29 SEPTEMBER 1984, Page 28

Turbid dream

Francis King

The Tiger Lisa St Aubin de Teran (Cape f8.95)

T ike Somerset de Chair, Amber Blanc° d I White and Fredegonde Shove, Lisa St Aubin de Teran should be the sort of literary name that, once heard, is never forgotten. Yet, all the time that I was reading The Tiger, I kept thinking of her as Llosa St Asturias de Marquez. This is n° doubt because her novel is like some turbid dream of all the South American fiction that has come one's way in the last 20 years. The setting, except when the hero,' Lucien, travels to his German fatherland or, on his way back from there, passes through Brazil, Surinam and Guyana, is , Venezuela black with vice, suffering an ° oil; but it might be any area of South America transformed by a febrile imagina- tion into a never-never-land of mystery, magic, cruelty and beauty. Where the barren earth is not covered with cactus, yucca and prickly pear, it is covered with excrement and the swollen carcases of men and animals; and when the sky is not filial, with baleful clouds, it is filled with no less baleful vultures. Parasitism, whether rep" resented by worms infesting children or the idle rich oppressing the slaving poor, Is omnipresent. Loyalty, kindness and paY are as rare as a temperate day. Lucien's grandmother, Misia Schmutter, known as 'the Empress of Orinoco', Is 3 proud, cruel despot, bending everyone her lazy, lascivious son, her terrified grand- children, her awe-stricken servants — to her iron will. Those who attempt to thwart her or even, like Lucien's beloved sister or a German governess, to escape from her tyranny, are punished with death. Beating, imprisonment and starvation are all con- stant features of the rule of this absolute

monarch 'whose Prussian spine had never touched the back of a chair'. Not surpri- singly, with her abstruse knowledge of herbal remedies and poisons, she is gener- ally thought to be a witch. Yet, as Lisa St Aubin de Teran describes all the enormities committed by this mons- ter, one's hackles somehow fail to rise. She has no ordinary weaknesses, vanities, mo- ments of contrition or impulses of tender- ness and therefore, being so wholly inhu- man, evokes no response from our own humanity. This response only comes when, hideously swollen with a seemingly miracu- lous pregnancy that eventually turns out to be a fatal tumour, she stoically descends, step by step, into the waiting darkness. Dead, Misia Schmutter continues to Cling to her grandson, Lucien, like a tiger on his back, dominating his thoughts and actions as she did in her lifetime. It is she who drives him to make the journey from the ancestral estates to Caracas, there first to win an immense fortune by gambling and then to build himself a gothic palace, Where he lavishly entertains people for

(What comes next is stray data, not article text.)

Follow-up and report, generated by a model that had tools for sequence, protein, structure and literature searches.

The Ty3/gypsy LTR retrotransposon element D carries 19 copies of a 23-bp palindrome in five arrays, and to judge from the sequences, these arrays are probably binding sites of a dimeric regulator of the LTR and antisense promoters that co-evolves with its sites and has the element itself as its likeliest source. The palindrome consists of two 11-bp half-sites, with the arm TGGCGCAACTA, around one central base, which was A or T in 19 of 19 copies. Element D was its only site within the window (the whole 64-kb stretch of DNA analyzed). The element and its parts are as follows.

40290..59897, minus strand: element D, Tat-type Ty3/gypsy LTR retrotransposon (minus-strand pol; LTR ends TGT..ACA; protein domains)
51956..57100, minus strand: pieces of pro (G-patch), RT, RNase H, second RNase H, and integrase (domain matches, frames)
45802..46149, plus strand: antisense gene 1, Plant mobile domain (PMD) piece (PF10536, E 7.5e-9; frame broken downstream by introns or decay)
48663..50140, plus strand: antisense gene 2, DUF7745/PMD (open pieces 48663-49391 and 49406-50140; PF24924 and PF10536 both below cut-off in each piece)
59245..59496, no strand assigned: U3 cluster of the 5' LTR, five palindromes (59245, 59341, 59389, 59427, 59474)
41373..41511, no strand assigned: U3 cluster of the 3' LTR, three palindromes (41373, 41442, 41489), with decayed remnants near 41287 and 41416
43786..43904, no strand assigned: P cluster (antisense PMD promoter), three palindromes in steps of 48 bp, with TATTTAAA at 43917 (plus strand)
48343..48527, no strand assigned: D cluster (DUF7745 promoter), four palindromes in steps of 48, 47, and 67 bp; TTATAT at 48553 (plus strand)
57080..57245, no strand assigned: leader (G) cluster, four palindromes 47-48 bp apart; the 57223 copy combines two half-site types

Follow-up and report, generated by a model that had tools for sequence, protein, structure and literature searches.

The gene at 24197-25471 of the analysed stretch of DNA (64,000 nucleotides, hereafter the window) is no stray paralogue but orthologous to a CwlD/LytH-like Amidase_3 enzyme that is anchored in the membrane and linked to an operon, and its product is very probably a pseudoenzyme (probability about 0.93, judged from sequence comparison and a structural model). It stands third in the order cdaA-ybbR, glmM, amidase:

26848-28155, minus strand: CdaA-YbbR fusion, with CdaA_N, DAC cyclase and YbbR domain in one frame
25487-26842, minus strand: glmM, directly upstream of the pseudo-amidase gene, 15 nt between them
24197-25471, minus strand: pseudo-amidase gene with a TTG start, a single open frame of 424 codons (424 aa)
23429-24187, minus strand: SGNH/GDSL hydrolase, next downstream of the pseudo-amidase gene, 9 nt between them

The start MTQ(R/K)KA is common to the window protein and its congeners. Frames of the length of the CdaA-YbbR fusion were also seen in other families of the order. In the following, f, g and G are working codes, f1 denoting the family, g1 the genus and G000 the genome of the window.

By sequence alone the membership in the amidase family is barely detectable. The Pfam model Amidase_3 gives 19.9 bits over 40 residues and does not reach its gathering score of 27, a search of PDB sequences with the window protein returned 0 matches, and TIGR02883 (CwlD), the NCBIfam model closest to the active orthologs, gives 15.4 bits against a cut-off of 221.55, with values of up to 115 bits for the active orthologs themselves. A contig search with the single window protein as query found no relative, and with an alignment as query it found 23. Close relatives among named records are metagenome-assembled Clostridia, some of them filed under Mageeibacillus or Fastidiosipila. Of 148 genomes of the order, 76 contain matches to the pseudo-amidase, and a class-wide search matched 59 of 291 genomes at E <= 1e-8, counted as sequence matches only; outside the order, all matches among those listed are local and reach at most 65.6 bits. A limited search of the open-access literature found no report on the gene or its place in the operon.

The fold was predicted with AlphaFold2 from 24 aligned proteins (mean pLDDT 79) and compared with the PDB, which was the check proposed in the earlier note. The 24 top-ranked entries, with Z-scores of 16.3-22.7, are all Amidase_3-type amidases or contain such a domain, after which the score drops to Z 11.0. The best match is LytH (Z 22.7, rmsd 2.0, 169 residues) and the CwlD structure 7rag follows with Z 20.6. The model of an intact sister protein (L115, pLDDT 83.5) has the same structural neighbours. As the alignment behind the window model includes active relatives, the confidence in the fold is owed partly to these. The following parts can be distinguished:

whom he has nothing but loathing and Contempt; who prods him into blowing up

the palace, thus causing many deaths; who

impels him across the ocean to Germany at the time of Hitler; and who gives him the

strength to endure long years in prison, for a crime of which he is innocent. But precisely what the author wishes to convey bY the presence of the dead tyrant as a burden that Lucien must constantly carry about with him, is never wholly clear. Does this tiger on his back represent his Prussian ancestry, with its savage discipline, its stoical endurance and its love of beauty and order? Or does it represent the train- ing that, whipped into him as a child, he is Powerless to abjure? One has the feeling that the author herself is not certain. Misia Schmutter has all her life been a Votary of chance, represented by the roulette board at which she and Lucien

gamble together. Lucien, in his years of unparalleled prosperity — squandering

money in his gothic mansion on people

whom he knows to be worthless — is the darling of chance. Then chance deserts

him, and he finds himself as helpless as an athlete stricken with cramp or an actor stricken with amnesia. But here again,

though there is a lot in the novel about chance, as there is about self-control, quite what the author is attempting to say is never clear. For all her wickedness, the old grand- mother has the power to affect miraculous

cures; and in his old age, released at last

from prison, Lucien has the same power. But in each case the origin of this power - is it divine or is it diabolic, and are grandmother and grandson to be seen as

representatives of the forces, by turns healing and destructive, of nature? remains ambiguous.

There is no doubt of the depth and range of this author's talent. The book contains innumerable haunting descriptions of hu- man folly, cruelty and degradation, and it evokes with extraordinary clarity its deso- late landscapes of dust, sun and cactus. From time to time it presents some life- and-death confrontation that freezes the blood. But at the end of it all, the question puts itself with all the implacability of Misia Schmutter herself: So what? At the centre of all these turbulent, capricious events, there seems to be a blank.

My guess is that here is a case of an author fatally misjudging her natural and very real talent. It is as though someone with the kind of fresh, true voice ideal for folk-song had decided to emulate Flagstad singing Isolde in the vast opera-house at Manaos. The gulf between ambition and achievement is sadly apparent.